By Die Morina
If Kosovo fails to form a government and has to hold another snap election, it risks damaging its economic outlook by stalling progress and spending unnecessary funds on new polls, experts warned.
Two months after Kosovo held snap elections following the fall of the previous government, the country is facing a political deadlock and the prospect of fresh pre-term polls, which could seriously affect the economy, experts warned.
“The impacts are enormous and extremely damaging,” economic expert Ibrahim Rexhepi told BIRN.
“Too many decisions and projects of economic and social importance will slow down: the budget review, the blocking of some budget funding resources (International Monetary Fund, Privatisation Agency of Kosovo), the blocking of the continuation of economic reforms (the fiscal package), a delay to the solution for the future of Trepca [mine complex], the construction of the new power plant, and other tourism projects,” Rexhepi explained in an email.
The Kosovo Assembly has failed four times so far to appoint a parliamentary speaker, a process that would open the way to establishing the new government.
Once the speaker is appointed, the constitution gives the president the right to give a mandate to two prime ministerial candidates. If neither gets enough votes to form a government, new elections must take place.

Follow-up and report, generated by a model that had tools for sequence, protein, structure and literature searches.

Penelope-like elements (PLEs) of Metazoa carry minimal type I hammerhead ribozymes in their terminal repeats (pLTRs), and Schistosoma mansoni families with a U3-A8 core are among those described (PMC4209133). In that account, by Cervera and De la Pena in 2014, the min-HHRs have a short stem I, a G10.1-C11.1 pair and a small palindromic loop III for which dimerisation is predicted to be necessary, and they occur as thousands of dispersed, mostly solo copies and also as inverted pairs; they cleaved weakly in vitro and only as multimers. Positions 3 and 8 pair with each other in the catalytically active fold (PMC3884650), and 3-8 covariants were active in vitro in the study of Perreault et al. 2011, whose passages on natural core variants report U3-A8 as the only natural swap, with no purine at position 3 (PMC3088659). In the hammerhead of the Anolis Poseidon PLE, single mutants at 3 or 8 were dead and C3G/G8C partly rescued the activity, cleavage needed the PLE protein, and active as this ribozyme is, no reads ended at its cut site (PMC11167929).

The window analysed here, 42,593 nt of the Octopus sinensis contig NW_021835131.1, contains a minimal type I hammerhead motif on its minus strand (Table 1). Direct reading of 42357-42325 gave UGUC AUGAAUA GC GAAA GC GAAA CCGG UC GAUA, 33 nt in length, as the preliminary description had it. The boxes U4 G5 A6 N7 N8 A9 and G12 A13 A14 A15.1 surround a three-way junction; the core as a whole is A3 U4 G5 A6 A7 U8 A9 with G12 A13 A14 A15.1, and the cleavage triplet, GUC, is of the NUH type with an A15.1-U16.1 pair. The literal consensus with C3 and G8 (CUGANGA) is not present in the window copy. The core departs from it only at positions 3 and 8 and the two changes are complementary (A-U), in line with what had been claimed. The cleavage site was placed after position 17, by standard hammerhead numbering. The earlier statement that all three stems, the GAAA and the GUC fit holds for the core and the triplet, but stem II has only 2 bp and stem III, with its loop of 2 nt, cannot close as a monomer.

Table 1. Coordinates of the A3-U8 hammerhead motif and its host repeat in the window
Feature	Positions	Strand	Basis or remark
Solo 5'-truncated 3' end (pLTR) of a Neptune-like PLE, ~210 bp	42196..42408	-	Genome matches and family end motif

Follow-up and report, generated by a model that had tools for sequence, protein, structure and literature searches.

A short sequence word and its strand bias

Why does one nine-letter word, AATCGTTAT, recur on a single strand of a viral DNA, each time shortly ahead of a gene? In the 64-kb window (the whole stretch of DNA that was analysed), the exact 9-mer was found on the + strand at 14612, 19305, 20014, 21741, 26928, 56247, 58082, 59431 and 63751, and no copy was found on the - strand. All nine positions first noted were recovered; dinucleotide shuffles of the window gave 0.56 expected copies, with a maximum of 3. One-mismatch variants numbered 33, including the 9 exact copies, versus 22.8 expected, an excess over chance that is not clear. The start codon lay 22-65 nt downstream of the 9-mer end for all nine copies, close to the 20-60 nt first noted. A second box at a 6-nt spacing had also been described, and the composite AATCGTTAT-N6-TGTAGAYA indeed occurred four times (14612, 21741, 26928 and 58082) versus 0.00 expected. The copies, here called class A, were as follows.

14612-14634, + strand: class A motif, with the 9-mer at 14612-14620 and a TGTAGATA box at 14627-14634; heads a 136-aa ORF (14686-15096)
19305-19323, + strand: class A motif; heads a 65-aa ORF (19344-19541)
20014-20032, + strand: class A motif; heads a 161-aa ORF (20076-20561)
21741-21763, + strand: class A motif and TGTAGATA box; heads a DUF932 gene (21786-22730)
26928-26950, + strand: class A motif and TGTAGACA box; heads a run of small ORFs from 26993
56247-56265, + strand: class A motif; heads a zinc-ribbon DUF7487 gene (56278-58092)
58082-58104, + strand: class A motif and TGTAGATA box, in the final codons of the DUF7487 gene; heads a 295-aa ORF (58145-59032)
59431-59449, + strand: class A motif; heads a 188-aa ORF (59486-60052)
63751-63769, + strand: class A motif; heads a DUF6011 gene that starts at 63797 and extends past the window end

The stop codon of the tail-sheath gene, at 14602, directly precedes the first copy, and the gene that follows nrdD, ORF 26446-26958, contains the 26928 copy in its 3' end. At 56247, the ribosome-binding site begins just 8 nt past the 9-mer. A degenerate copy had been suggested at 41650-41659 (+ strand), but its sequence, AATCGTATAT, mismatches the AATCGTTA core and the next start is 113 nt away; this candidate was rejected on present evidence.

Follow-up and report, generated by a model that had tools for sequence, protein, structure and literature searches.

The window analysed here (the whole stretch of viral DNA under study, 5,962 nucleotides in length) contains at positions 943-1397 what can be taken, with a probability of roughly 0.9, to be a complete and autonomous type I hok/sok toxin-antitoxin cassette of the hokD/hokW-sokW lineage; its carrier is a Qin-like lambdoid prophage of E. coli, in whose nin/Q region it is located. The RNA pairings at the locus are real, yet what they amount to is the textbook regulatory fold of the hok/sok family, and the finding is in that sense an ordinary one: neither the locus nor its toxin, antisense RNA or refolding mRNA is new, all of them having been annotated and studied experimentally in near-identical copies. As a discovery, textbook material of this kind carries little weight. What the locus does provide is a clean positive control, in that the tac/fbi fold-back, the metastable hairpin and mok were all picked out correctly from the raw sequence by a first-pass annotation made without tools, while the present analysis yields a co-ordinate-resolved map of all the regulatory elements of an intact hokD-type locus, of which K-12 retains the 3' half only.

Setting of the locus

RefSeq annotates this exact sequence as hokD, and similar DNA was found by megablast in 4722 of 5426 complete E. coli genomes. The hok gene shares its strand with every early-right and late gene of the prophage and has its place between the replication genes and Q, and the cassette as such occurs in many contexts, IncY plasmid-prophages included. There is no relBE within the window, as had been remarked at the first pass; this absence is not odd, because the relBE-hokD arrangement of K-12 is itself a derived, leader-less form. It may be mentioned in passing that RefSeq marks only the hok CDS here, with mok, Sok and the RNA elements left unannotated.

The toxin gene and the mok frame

The current political deadlock is bad for the image of the country in the international arena, especially to potential investors, Rexhepi said.
“We are proving that Kosovo is in a state of political instability with politicians who are inadequate for building functional institutions,” he explained.
A crisis situation also has “the possibility of increasing social tensions”, he warned.
As well as the impact of the political deadlock on the economic outlook, new elections would take millions more euros out of the state budget.
Around five million euros were set aside to cover the cost of the last snap elections on June 11, although a report on the spending is still being prepared.
Another election would be the third this year as a municipal elections are set for October 22 – polls which will cost even more than general elections.
“For the municipal elections set for October 22, 6.1 million euros are planned [to be spent] in the 2017 Budget Law,” Valmir Elezi, spokesperson for Kosovo’s Central Election Commission, told BIRN.
“The cost of the municipal elections also depends on how many municipalities will have a second round [run-off] of the mayoral election,” Elezi added.
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